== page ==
“Relatively healthy, happy, safe and financially secure, she is the reigning queen of the ‘golden mean,’ the norm by which other women are measured.”
Yet, these are the women who, despite the fact that they supposedly don’t need the mammograms that Planned Parenthood will continue to fund through grants from Susan G. Komen, or abortions that will require prior ultrasounds in some states, or free contraception, are fighting tooth and nail to stop lawmakers from entering women’s wombs. Why are they so invested, because of an altruistic shared sisterhood or the idea that they want this right, even if everyone would have us believe they don’t need it? When Milloy asked the disgruntled activist what her motives were, she said this:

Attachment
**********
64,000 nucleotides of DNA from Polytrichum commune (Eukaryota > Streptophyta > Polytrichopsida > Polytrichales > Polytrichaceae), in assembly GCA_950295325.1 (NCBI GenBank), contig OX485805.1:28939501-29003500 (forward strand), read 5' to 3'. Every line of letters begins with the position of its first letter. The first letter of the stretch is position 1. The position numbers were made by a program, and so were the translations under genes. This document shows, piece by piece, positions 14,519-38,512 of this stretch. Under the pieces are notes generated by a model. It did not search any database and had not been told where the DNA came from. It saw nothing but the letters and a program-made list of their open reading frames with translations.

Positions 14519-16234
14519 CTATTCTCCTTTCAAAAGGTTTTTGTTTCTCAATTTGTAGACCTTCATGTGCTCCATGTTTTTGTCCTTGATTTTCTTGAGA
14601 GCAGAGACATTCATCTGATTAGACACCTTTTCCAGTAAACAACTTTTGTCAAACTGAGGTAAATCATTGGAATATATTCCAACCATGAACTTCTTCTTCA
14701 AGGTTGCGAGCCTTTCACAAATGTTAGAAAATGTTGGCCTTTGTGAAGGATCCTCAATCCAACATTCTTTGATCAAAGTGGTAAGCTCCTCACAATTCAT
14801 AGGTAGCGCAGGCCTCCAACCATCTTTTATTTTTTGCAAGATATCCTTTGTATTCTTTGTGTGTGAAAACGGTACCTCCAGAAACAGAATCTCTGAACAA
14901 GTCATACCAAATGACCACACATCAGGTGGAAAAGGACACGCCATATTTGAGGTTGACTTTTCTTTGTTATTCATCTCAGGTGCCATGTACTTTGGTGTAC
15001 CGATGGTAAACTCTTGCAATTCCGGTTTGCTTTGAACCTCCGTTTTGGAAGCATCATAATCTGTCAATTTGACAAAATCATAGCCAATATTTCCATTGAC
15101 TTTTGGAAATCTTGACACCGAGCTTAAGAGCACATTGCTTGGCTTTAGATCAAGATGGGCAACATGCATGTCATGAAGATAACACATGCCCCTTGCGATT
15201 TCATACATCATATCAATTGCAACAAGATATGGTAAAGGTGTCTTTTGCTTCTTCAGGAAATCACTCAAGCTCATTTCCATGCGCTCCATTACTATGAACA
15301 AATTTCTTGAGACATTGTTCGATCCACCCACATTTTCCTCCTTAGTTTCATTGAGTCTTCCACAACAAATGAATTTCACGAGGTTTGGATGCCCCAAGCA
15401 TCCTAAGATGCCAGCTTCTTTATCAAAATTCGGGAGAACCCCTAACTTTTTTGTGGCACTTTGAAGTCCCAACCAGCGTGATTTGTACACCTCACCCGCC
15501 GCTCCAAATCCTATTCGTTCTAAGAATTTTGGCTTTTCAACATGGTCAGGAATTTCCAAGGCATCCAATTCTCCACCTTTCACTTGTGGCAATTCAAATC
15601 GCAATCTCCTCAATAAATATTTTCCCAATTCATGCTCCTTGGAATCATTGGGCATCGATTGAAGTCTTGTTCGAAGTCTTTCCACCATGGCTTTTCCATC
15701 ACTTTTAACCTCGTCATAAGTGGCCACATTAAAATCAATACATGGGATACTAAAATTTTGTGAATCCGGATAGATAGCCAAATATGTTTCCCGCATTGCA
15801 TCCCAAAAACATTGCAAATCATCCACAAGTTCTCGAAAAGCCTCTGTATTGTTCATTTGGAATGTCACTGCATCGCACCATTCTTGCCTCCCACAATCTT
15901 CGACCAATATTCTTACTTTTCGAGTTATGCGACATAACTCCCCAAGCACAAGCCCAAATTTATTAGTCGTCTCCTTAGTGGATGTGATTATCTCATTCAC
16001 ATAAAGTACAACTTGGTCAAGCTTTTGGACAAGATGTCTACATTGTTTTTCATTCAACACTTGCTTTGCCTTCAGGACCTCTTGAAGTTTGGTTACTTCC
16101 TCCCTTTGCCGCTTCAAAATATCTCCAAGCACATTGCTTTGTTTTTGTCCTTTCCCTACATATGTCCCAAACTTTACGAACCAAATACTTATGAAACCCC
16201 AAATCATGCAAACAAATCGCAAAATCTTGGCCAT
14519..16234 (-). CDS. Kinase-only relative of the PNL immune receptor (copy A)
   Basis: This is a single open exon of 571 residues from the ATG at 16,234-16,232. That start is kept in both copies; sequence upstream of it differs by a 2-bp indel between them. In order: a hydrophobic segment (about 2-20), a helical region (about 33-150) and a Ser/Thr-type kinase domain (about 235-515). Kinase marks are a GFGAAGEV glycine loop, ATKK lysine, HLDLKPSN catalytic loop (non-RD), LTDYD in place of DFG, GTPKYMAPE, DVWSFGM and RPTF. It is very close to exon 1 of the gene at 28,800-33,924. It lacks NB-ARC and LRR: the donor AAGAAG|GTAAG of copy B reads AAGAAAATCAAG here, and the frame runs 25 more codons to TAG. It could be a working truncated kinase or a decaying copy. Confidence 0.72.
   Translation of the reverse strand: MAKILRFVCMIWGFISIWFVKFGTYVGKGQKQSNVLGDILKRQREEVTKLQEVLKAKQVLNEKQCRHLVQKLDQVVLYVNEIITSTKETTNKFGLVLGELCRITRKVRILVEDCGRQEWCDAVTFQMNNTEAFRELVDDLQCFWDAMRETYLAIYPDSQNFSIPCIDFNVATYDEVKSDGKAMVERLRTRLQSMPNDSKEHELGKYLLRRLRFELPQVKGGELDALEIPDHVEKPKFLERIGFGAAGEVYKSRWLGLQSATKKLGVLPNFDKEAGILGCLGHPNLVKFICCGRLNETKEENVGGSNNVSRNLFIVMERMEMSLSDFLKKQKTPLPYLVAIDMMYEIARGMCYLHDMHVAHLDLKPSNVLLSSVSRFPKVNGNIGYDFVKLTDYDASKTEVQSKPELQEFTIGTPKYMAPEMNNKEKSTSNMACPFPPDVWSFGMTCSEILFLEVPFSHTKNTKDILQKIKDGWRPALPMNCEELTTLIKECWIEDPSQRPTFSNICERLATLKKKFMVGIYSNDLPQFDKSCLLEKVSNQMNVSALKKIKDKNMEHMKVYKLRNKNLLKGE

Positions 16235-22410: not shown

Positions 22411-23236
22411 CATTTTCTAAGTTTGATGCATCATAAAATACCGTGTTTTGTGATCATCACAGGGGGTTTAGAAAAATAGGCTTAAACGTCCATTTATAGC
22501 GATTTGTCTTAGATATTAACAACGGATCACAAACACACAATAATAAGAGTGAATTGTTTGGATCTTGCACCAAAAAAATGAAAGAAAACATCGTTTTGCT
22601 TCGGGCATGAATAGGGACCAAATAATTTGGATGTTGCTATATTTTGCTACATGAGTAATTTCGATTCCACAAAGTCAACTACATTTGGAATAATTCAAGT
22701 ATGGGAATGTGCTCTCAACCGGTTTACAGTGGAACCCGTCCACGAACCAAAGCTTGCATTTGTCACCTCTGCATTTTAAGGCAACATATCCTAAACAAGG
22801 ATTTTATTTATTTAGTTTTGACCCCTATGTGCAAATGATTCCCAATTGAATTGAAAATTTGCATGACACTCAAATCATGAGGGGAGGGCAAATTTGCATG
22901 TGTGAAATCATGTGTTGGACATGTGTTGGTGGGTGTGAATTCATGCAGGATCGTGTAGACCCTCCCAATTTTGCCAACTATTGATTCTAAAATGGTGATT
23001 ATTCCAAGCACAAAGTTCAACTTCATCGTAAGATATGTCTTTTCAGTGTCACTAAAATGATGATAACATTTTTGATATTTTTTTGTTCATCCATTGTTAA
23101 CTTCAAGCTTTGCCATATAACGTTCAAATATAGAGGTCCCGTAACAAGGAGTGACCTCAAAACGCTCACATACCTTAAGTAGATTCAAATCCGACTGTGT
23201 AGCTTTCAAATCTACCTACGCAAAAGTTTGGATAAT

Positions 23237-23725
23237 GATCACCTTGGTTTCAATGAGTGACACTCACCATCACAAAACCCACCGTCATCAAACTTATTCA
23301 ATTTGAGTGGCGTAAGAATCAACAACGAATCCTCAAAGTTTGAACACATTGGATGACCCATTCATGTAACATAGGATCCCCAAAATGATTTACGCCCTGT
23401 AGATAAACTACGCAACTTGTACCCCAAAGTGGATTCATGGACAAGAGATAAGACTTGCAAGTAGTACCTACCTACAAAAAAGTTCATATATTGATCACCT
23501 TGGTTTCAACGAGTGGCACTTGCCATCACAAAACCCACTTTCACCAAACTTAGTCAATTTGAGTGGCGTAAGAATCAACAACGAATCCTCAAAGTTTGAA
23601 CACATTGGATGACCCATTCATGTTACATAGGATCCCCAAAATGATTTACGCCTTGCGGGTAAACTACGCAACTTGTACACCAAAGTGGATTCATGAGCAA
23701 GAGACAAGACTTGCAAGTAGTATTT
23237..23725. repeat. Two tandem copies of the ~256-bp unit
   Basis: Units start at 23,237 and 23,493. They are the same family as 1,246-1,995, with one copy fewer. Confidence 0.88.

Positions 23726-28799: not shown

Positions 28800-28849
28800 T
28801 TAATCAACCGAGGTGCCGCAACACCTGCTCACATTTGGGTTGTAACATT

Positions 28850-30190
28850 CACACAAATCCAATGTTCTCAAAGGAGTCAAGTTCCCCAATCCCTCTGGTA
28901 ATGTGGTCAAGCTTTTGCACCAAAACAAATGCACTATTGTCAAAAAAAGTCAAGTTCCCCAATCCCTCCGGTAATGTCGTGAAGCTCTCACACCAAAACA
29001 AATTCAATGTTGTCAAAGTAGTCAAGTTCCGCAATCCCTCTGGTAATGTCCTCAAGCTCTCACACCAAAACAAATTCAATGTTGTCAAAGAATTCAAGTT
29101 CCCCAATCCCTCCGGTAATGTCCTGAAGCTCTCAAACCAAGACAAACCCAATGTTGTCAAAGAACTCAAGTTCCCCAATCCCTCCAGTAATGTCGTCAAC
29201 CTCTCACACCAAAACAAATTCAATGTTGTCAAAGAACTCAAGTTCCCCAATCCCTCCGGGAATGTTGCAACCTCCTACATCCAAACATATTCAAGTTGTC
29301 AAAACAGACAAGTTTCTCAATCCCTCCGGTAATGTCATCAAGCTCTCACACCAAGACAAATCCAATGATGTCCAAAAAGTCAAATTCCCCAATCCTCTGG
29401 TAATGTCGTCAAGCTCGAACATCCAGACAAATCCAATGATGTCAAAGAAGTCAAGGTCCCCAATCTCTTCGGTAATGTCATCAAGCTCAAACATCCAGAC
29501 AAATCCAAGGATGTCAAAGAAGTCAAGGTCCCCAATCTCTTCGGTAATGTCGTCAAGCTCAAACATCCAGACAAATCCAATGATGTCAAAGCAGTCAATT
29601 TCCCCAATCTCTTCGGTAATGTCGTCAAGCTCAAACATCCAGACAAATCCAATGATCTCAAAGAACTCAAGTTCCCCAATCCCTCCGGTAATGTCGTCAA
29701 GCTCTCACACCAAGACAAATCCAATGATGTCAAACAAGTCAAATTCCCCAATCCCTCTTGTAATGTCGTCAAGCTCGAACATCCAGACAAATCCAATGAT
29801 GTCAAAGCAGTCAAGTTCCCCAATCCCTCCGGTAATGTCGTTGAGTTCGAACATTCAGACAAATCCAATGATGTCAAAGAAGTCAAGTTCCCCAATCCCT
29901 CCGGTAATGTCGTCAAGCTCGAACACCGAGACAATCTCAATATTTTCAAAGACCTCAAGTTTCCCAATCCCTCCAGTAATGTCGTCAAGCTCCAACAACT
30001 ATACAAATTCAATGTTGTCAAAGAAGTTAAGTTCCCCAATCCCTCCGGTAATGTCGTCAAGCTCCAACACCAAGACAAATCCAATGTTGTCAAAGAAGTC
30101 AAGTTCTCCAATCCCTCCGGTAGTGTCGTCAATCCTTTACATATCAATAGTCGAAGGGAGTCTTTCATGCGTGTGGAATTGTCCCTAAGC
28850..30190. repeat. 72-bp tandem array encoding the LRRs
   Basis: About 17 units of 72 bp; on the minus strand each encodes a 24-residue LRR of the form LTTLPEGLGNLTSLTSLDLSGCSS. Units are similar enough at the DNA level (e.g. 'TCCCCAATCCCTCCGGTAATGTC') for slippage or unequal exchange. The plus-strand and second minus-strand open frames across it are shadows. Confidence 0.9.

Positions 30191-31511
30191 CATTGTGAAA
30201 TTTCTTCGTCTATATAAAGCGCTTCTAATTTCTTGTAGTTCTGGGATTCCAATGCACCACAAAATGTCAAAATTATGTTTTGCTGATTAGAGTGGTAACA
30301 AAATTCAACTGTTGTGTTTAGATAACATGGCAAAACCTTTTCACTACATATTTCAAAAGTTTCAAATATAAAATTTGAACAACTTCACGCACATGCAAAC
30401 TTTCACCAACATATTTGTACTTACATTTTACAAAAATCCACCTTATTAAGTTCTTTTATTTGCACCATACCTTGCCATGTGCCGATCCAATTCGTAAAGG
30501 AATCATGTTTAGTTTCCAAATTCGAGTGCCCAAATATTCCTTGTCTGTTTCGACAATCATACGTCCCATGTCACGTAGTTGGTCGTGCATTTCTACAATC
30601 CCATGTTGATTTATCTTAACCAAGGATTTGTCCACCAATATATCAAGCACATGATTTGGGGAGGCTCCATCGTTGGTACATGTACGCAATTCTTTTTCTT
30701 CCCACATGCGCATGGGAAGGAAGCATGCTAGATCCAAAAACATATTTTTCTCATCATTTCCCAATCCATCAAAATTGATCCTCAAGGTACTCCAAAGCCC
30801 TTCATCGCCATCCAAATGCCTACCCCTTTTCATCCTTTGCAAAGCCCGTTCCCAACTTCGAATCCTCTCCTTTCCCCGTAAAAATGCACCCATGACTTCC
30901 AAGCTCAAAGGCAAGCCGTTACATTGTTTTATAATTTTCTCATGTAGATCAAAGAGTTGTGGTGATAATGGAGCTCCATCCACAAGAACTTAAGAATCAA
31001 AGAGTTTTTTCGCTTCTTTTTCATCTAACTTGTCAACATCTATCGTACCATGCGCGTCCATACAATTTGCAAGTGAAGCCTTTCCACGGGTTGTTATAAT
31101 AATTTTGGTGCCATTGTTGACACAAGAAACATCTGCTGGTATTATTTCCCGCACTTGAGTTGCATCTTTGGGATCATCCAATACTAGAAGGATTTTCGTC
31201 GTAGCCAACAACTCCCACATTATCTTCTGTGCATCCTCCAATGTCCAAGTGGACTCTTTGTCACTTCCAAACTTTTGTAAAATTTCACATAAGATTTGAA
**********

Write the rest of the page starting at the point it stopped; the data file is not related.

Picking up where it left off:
“To be honest with you, we are rattled because just a few years ago this nation was brought to the absolute brink and we nearly lost everything,” Margaret Doyle said. “If you were comfortable in your lifestyle, had your Colonial home with a picket fence and thought ‘this is my entitlement, I am supposed to have this,’ and then learn that it can all go away in a hot New York minute? And instead of creating jobs, helping us stay in our homes, improving roads and schools, these dangerous men are in the state legislature obsessing over our wombs.”